Walk This Way: NYC agrees to Run D.M.E. in new fuels trial

January 15, 2017 |

BD TS 011617 Oberon DME cover sm

A generation ago, a group known as Run-D.M.C. came Straight Outta New York City with the idea that you could make it out of the underground world of hip-hop and to the world of mainstream music with chart-topping anthems that were true to their roots. After a partnership with Aerosmith resulted in the best version of Walk This Way ever captured on a recording and took the Billboard Top 100 by storm, music never looked back.

This week, a company known as Oberon Fuels running a DME technology is coming Straight Outta New York City with the idea that you can make it out of the the boutique world of advanced renewable fuels and into the world of mainstream of big trucks in everyday use. And they’ve signed a partnership with the  New York City Department of Sanitation to commence the first-ever customer demonstration of a DME-powered Mack truck.  Fuels will never look back.

First step to transformation

Oberon and Mack will run the vehicle at the Fresh Kills Landfill and evaluate performance and overall drivability, as a first step in the city’s evaluation of both DME trucks and DME fuel as a potential long-term strategy to help reduce greenhouse gas emissions by 80 percent by 2050 and to achieve the city’s goal of sending zero waste to landfill by 2030.

Why DME?

DME fuel, which is approved for use in all 50 states, delivers the same exceptional performance as diesel and burns cleanly without producing any soot. DME emits zero soot, which can lead to substantial health improvements in areas where air quality is a high concern.

When produced from local organic waste, DME can reduce greenhouse gas emissions by 68-101 percent compared to diesel as calculated by the US Environmental Protection Agency and recently published by US Department of Energy’s Argonne National Laboratory. These greenhouse gas reductions make it one of the first fuels for heavy-duty trucking that can result in a net CO2 reduction. DME engines are also easier to maintain, offer excellent cold weather performance, and run quieter than diesel counterparts.

Currently, one-third of all waste on the curb in New York is organic. By recycling organic waste into DME fuel, New York and other cities can reduce land fill use, lower overall emissions, and improve overall air quality. The unique benefits of DME make it a great use of organic waste as part of any city’s overall sustainability plan.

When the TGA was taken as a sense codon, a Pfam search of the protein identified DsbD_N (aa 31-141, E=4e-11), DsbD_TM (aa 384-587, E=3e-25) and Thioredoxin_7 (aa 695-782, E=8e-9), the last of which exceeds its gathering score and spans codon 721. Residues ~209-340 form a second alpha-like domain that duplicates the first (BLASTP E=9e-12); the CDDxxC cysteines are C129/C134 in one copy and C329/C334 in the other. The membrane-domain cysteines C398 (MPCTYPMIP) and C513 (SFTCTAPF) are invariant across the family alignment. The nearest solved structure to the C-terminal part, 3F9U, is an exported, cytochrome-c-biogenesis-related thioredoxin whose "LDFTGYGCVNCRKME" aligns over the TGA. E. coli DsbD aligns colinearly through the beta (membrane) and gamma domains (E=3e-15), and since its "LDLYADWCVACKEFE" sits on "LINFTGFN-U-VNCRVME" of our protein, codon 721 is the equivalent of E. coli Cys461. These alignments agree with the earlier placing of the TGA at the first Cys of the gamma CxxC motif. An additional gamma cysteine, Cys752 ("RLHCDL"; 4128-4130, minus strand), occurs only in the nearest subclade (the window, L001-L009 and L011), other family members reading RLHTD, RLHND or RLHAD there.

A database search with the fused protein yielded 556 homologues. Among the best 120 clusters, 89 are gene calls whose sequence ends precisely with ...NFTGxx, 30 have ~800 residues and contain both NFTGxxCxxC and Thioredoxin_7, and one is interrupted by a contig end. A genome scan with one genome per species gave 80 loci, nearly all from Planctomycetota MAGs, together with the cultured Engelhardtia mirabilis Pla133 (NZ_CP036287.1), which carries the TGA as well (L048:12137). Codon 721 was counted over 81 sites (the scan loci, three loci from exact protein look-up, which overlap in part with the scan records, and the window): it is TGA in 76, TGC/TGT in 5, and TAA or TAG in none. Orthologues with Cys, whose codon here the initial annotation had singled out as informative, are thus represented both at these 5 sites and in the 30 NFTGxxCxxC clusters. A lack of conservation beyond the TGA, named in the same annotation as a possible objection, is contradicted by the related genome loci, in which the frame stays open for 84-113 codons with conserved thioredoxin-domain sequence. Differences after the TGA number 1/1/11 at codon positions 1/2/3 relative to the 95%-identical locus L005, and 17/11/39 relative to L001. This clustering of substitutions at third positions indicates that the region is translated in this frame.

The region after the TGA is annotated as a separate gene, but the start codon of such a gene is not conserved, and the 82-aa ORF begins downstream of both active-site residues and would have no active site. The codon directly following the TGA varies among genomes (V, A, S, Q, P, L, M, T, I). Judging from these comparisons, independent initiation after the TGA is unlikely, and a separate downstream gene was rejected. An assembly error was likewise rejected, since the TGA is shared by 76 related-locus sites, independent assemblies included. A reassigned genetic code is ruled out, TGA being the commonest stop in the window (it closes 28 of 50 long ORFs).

The demonstration

The demonstration is expected to run in the first quarter of 2017 with results and analysis complete in mid-2017.

The vehicle being tested is a Class 8 Mack Pinnacle model truck equipped with a 13-liter engine. The goal of the demonstration is to gather data on the use of DME fuel and vehicles in urban, heavy-load fleets. At scale, such a program could convert hundreds of thousands of tons of organic waste into clean fuel, reducing emissions, waste, and costs for cities while improving overall air quality and creating jobs.

Over the course of the demonstration, the truck will use Oberon’s fuel-grade DME, produced with the company’s proprietary catalytic distillation technology. The small footprint of Oberon’s production units allows them to be easily placed near local feedstock sources (e.g. food waste, landfill gas, animal waste, wastewater treatment gas), providing cities an opportunity to deal with both their waste and energy challenges – local feedstock, local production, local consumption.

Reaction from the stakeholders

“It is an honor to work with Mack Trucks and DSNY to showcase the benefits of DME fuel to New York City,” said Oberon President Rebecca Boudreaux, Ph.D. “There is no better testing ground than NYC, and we are thrilled to partner with the city.”

“We are proud to call New York City one of Mack’s largest customers, and we are pleased to deliver the first customer-ready DME-powered Mack truck to DSNY,” said Dennis Slagle, president of Mack Trucks. “We are looking forward to working with DSNY and Oberon to evaluate the performance of the Mack Pinnacle as we run it through its paces.”

“DSNY has long been at the forefront of developing, testing, and deploying cleaner and more advanced heavy duty trucks,” said Deputy Commissioner Rocco DiRico. “We are committed to doing our part to help foster innovation and technological advancements to improve fuel efficiency and promote more sustainable alternative fuels. DME fuel certainly has potential to be a long term option for us, and this initial test is an important first step in the evaluation process.”

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